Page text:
After a pause of a few days, the price of West Texas Intermediate crude oil is falling again this Monday morning, and the price of Brent crude oil is falling even faster, brining the spread between the two to less than $3 dollars, a level unseen since the two prices began to diverge in early 2011. Paradoxically, the abundance of West Texas Intermediate caused both the widening, and the narrowing of the spread, as it first eroded the scarcity of West Texas Intermediate, but has now caused world energy markets to settle on the highly abundant fuel as the normative fuel cost.
Put another way, for the first time in the living memory of most Americans, the country has seized control of its energy destiny, and in the process, disrupted global energy markets. This one shift is so fundamental that it is now transforming the US economy, though the transformation is in its early stages. If you want to see the turmoil the shift is causing, look no further than one-month performance of big oil companies, such as Exxon Mobil (XOM), which is down 6%, or Petroleo Brasileiro (PBR), which is down 13%.
The first and most noticeable effect for investors is the sudden rise in market volatility, which has more to do with energy markets in turmoil than it does with the Ebola panic. Sometimes, and this is one of them, traders are more rational than they appear.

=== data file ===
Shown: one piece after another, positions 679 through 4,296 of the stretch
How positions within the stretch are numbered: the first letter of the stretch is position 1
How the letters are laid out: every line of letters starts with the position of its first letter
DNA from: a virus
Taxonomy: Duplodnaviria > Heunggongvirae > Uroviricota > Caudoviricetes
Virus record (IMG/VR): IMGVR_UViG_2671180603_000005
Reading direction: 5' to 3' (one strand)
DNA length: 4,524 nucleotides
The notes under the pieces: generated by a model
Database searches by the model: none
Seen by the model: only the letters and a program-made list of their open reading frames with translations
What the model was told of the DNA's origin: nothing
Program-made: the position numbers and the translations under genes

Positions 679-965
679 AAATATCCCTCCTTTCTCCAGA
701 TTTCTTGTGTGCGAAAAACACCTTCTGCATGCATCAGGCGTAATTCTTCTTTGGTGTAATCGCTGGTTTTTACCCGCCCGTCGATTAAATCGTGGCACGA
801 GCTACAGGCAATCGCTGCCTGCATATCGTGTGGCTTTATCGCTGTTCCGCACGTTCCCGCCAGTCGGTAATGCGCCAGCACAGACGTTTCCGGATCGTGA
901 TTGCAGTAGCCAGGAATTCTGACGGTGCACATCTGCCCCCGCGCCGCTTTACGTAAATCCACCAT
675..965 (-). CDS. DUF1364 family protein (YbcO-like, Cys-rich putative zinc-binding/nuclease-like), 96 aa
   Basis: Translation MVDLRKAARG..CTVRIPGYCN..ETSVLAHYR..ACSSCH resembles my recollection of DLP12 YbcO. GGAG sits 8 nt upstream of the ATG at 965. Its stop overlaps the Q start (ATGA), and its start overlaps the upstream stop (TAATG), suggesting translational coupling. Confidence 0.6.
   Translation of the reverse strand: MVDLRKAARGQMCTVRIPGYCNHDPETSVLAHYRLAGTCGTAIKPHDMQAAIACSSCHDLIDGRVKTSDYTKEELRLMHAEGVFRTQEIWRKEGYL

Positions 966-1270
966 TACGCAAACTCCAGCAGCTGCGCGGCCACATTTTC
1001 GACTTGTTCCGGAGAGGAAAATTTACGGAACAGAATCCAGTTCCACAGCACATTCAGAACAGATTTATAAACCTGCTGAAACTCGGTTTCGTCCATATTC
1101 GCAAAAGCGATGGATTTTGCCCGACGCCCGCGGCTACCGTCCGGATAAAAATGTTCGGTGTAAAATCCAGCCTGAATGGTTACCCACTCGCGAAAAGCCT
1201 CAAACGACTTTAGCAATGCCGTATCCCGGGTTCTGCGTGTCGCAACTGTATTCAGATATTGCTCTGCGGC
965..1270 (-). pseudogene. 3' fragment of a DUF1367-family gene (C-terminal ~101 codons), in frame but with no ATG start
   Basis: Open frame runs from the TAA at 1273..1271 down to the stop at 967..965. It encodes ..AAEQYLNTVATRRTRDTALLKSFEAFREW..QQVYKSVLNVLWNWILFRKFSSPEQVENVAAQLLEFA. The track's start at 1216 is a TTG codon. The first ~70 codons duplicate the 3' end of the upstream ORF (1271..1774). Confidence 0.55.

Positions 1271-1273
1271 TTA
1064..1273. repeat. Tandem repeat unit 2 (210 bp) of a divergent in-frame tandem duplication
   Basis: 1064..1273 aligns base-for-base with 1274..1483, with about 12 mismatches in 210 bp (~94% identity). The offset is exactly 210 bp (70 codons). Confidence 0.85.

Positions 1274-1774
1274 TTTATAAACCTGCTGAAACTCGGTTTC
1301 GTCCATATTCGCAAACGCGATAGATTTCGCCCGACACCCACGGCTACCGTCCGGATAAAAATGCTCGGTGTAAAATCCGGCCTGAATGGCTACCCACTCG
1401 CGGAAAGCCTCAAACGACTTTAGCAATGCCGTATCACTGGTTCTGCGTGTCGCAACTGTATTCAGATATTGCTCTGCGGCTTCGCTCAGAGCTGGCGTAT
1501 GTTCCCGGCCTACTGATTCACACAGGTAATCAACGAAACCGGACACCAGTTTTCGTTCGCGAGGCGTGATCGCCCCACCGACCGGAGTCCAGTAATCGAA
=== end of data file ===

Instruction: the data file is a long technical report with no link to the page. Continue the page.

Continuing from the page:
The greatest impact, however, is yet to come, and that will be an across the board drop in consumer prices, or at least a decline of inflation to near zero. The cheap oil will take the usual few weeks to make its way through the refining process and become cheap gas at the pumps, but it surely will. The most recent dip in gas prices is likely just the beginning of a long trend. This will lower other prices as well. Why? Well, everything requires energy and/or petroleum based chemicals to manufacture, and everything requires transportation to get to market.
All of this creates a problem in that it is all anti-inflationary, and inflation is already low. Most economists fear it will soon become too low – that's disinflation. Disinflation has the same inhibitory economic effects as deflation, though not to the same degree. Americans are unlikely to cut back on spending – spending what you have is part of what it means to be an American – but disinflation could harm the economy in other ways, particularly as individuals and businesses large and small come to see this as a bad time to take on new debt.
This disinflationary trap may be the last major hurdle our economy must clear before we are really free of the lingering effects of the 2008 financial crisis. With luck, it won't prove high enough to make us stumble.
Julian Close has been a business writer since the first day of the twenty-first century, having written for PRA International and the United Nations Department of Peacekeeping. He graduated from Davidson College in 1993 and received a Master of Arts in Teaching from Mary Baldwin College in 2011. He became a stockbroker in 1993, but now works for Fresh Brewed Media and uses his powers only for good. You can see closing trades for all Julian's long and short positions and track his long term performance via twitter: @JulianClose_MIC.